After my wife and I finished all of our many years of higher education, we sat down and looked at how much debt we had to pay back.  It was at this time that the seven stages of debt grief began.

Stage of Debt Grief #1: Denial – We felt numb.  We couldn’t believe we owed a combined $180,000 in student loan debt.  It didn’t seem like we were going THAT far into debt throughout undergraduate and graduate school.  We ran the numbers again and again, sure there was a mistake.  Of course, there was not.

Stage of Debt Grief #2: Guilt – “Oh my God, how did we allow this to happen to ourselves?  We’re starting out our lives as indentured servants!”  We talked openly about how we should have gone to cheaper universities, how we should have scrimped more over the years or went where we were offered full scholarships.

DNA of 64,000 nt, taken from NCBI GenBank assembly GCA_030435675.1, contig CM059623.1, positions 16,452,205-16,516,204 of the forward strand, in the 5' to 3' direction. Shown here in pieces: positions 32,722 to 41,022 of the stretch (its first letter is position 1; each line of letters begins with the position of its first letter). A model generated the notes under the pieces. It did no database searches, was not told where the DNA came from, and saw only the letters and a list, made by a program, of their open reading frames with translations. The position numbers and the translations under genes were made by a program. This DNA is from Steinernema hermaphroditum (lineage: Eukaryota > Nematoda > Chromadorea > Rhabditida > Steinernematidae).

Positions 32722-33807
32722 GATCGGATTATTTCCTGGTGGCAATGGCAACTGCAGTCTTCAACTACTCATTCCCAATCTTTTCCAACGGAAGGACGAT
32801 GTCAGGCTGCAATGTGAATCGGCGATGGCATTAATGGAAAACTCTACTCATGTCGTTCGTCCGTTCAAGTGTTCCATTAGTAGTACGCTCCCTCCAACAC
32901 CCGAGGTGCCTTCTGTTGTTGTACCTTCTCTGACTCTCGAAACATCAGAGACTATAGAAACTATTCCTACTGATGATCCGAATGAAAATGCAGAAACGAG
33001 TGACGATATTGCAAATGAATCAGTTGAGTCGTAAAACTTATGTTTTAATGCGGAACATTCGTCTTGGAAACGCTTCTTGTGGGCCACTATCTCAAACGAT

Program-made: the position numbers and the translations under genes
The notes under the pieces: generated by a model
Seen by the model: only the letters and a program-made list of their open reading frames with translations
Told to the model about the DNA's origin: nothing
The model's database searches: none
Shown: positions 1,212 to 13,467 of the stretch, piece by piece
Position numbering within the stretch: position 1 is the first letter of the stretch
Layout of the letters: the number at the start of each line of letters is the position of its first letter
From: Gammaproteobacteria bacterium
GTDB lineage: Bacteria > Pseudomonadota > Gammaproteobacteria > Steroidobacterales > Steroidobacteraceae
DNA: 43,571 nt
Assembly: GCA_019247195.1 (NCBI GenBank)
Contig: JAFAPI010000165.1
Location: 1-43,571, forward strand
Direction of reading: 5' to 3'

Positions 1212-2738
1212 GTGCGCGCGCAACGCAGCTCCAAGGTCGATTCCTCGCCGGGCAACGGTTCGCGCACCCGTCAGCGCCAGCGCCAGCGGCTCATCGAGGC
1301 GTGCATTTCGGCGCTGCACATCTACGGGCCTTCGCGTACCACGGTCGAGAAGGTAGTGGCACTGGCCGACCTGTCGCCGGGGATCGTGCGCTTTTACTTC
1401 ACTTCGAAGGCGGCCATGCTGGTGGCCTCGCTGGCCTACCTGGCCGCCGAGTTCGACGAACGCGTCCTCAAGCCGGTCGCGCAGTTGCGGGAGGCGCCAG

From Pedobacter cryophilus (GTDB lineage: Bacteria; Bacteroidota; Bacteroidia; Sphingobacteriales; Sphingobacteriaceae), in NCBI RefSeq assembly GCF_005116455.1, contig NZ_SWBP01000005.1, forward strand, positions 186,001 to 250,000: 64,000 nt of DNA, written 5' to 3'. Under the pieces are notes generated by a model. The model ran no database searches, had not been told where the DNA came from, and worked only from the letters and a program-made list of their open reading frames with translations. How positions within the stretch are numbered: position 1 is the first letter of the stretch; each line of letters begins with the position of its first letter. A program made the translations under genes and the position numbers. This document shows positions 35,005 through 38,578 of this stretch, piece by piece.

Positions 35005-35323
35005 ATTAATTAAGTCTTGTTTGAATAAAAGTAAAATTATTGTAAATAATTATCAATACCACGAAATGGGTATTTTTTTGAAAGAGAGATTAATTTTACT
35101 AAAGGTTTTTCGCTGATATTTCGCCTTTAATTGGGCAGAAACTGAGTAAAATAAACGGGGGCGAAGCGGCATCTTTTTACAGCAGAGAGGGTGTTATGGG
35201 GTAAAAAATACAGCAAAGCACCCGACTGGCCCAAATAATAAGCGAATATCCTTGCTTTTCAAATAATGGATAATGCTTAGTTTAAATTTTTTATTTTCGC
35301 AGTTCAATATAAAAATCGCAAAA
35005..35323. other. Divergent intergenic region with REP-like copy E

Stage of Debt Grief #3: Anger and Bargaining: “What’s up with these awful universities suckering young adults–kids really–into hundreds of thousands of dollars of debt without any guarantee of increased job prospects!?!  Or: “If only we could go back in time”….or: “if we can just get out of this debt, we promise we will never get into debt of any kind, ever again!”

Stage of Debt Grief #4: Depression: “What’s the point…we’ll never pay off this debt.  Why even work?”

Stage of Debt Grief #5: Getting Back on Track: “We made our bed, we might as well lie in it and try to do the best we can to pay this debt off.”

Stage of Debt Grief #6: Reconstruction: “If we both work side jobs like freelance writing and try our best to maximize our salaries, perhaps by 2024 we will be debt free!”

Stage of Debt Grief #7: Acceptance: “We are in debt but that doesn’t define who we are.  We will do the best we can to pay it all back (with interest).  There is hope that we can beat this debt.”


Have you ever experienced the Seven Stages of Debt Grief?  What was your experience like?



Chris Thomas, owner of the online freelance writing and web-copy company, FreelancePF. Chris’s interest in personal finance stems from leaving grad school with six figures in student loan debt.